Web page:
How a baby’s sex may play a role in pregnant women’s immunity

Evidence shows that the sex of a baby is associated with pregnant women’s immune responses.

Research shows that a baby’s sex could play a role in why some women report differences with morning sickness, cravings and other symptoms.


Researchers at the Ohio State University Wexner Medical Center followed 80 pregnant women during the courses of their pregnancies, and examined whether the women showed different levels of Cytokines, immune markers, based on fetal sex.

It was found that, while the women did not exhibit differences in blood Cytokine levels based on fetal sex, the female fetuses produced more pro-inflammatory Cytokines when exposed to bacteria.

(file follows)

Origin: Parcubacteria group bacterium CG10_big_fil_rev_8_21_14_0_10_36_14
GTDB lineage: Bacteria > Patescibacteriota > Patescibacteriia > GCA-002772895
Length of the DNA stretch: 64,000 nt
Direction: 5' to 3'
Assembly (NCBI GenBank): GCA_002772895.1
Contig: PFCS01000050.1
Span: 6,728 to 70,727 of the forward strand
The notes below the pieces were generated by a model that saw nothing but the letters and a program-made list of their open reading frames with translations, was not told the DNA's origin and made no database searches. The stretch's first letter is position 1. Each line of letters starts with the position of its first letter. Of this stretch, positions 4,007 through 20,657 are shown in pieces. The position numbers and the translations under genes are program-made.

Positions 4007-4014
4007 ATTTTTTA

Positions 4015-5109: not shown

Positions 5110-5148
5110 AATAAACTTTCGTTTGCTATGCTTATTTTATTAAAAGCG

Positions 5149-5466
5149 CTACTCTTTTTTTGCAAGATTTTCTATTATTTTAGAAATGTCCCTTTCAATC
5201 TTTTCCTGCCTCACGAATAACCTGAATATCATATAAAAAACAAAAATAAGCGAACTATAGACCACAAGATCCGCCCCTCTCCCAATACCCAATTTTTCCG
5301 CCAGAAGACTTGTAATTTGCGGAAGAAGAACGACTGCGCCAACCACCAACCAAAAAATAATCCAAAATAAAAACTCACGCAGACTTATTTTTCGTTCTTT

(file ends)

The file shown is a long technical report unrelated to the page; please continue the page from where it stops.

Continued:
Different inflammatory response

«This means that women carrying female fetuses showed a heightened inflammatory response when their immune system was challenged» said Amanda Mitchell, a postdoctoral researcher.

Inflammation is a critical part of the immune response involved in wound healing and responses to viruses, bacteria and chronic illnesses. However, excessive inflammation is stressful to the body and can cause achiness and fatigue.


This heightened inflammation in women carrying female fetuses could explain why women tend to experience exacerbated symptoms of some medical conditions, including asthma.

More research is needed to understand just how fetal sex is associated with maternal inflammation.

A balanced immune function is the key factor. Having too little or too great an immune response is problematic.